On oral administration, arbutin breaks down in the human system by hydrolysis to form hydroquinone, a powerful disinfectant. Toxic hydroquinone then combines with glucuronic acid or sulfate and is excreted through the kidney in the conjugated form, but on the other hand, when leaves of Uva-ursi are used as a crude drug, gallotannin (gallic acid) present in leaves prevents enzymes from splitting arbutin and hence increases the effectiveness of Uva ursi leaves [11].

Larsson et al. (1993) conducted the clinical studies to investigate the therapeutic efficacy of Uva ursi for uti in management of UTIs by utilizing a combination extract of Uva ursi with dandelion Taraxacum Officinalis which involved double-blind, placebo-controlled, randomized trial of 57 women with chronic UTIs for one month and subsequently followed for a year. Significantly more women in the placebo group experienced recurrent cystitis compared to the treatment group, thereby demonstrating the efficacy of Uva ursi as an antimicrobial for the treatment of  UTIs [12].

The antimicrobial effects of Uva ursi are due to its constituents, particularly quinones, which form an irreversible complex with the nucleophilic amino acids present in proteins. They are also believed to affect surface-exposed adhesins, cell wall polypeptides, and membrane-bound enzymes and change microbial cell surface characteristics and hence adhesion of' microbes on host cells which is a critical factor in the development of Gram-negative microbe-induced infections [13].

A study by Turi et al. (1997) has also proved that in the presence of Uva ursi for uti extracts the growth of clinical isolates of E. coli augmented the microbial cell surface hydrophobicity, thus decreasing their ability to adhere to host cells [14]. Flavonoids are synthesised by plants, partly in response to microbial infection. Therefore, it is not surprising that flavonoids may at least be partially responsible for the antimicrobial activity of many plants. Both flavonoids and tannins believed to act like quinones.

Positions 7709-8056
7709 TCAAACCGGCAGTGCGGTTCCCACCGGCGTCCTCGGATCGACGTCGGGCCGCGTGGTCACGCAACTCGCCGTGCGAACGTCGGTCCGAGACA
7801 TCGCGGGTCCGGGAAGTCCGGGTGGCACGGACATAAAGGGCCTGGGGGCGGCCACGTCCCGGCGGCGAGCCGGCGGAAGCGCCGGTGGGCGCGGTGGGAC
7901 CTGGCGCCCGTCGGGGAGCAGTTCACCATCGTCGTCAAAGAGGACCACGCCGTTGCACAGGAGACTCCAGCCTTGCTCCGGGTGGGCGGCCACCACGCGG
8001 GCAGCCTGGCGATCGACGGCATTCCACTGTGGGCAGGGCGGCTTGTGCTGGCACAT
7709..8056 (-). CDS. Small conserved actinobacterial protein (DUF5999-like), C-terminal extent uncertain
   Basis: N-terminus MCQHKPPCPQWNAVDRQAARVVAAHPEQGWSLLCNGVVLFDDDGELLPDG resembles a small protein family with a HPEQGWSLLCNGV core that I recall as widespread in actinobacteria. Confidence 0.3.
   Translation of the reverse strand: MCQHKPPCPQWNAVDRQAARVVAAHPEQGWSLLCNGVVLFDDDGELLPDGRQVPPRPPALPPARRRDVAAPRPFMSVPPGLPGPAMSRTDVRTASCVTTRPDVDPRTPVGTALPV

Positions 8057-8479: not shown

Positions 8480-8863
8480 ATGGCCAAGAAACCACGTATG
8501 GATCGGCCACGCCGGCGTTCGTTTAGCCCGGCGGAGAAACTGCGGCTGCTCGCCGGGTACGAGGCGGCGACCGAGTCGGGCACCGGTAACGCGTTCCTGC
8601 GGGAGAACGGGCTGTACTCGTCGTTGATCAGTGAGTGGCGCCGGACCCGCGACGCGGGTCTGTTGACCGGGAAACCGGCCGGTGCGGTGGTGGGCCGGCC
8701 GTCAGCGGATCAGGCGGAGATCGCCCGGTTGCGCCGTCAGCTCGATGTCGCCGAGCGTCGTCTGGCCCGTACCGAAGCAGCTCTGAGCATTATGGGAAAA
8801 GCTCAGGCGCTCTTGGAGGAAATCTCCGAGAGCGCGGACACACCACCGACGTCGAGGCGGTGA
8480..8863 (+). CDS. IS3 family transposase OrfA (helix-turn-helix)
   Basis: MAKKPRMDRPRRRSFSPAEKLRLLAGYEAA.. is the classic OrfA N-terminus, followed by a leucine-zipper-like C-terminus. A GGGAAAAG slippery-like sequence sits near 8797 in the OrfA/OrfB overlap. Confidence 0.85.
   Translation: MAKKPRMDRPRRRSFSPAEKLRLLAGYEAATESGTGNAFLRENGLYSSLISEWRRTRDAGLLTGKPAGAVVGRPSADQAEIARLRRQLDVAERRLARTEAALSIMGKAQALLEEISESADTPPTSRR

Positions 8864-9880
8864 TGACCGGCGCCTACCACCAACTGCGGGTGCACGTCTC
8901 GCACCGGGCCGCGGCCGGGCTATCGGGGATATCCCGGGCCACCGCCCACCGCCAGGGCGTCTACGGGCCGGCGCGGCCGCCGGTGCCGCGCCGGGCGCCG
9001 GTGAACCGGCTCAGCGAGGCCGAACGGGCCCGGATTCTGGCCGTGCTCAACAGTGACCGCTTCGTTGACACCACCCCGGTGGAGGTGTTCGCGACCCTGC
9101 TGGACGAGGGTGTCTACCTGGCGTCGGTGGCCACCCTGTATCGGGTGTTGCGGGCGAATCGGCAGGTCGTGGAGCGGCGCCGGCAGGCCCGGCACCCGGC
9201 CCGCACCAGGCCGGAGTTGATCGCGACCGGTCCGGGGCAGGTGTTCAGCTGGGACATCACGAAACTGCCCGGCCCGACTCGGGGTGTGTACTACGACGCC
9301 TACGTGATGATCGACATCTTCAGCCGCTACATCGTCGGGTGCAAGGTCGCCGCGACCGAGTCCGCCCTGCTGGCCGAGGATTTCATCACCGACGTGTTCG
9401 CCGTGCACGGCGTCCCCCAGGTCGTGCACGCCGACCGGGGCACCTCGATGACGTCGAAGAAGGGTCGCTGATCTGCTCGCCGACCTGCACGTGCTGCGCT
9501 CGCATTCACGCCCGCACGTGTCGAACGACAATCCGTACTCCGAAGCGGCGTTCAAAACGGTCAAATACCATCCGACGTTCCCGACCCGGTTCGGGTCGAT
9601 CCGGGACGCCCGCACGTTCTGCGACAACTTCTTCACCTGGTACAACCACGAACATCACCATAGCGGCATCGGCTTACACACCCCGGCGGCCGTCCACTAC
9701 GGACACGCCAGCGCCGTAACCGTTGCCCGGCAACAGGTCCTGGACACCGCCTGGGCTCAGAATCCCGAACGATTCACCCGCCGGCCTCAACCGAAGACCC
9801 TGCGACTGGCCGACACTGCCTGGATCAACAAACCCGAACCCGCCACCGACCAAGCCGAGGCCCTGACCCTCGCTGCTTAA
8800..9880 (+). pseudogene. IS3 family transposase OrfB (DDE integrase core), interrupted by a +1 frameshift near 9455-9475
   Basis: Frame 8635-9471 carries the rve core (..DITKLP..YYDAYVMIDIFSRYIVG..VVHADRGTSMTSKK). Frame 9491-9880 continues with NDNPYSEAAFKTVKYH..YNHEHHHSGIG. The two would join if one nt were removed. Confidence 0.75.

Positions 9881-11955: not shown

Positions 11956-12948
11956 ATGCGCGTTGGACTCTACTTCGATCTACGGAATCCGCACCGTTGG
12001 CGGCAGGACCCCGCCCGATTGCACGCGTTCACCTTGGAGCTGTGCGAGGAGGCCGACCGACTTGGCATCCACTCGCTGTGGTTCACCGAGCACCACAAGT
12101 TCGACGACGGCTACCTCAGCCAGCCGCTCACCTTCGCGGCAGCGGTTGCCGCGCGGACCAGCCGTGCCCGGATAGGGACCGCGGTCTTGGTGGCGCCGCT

Furthermore, Uva ursi for uti has diuretic and anti-inflammatory effects that indirectly aid in its use as an antimicrobial to control UTIs [15,16]. The antiseptic effect of Uva ursi reported to be more active in alkaline urine, and therefore ingesting foods (like fruits and vegetables and reduction of animal proteins) or compounds such as sodium bicarbonate, which can increase pH of urine, has often been suggested in order to enhance its activity. A recent study, though, on the bacterial deconjugation of arbutin by E. coli suggests that alkalization of the urine is not a prerequisite for increasing the antiseptic properties of hydroquinone released from arbutin. Moreover, some UTIs (e.g., those caused by Proteus mirabilis) only occur at alkaline pHs. Thus, alkanalize the urine without identification of the causative pathogen, such as in self-medicating or treating without appropriate urinalysis, may not be suitable for some UTIs [17, 18].

Uva Ursi Works Against Fungi & Yeasts

Tannins present in Uva ursi for uti have reported eliciting antimicrobial activity against filamentous fungi, yeasts, and bacteria. The tannins also have used for controlling schistosomiasis in humans by controlling the disease-transmitting snails [19]. Arbutin and its metabolites also inhibited the in vitro growth of Mycoplasma hominis, Pseudomonas aeruginosa, and Ureaplasma urealyticum. The Commission E of the German Federal Institute for drugs and medical devices (the agency which assesses the effectiveness and safety of herbal products) have also approved Uva ursi for treating inflammation of the lower urinary tract.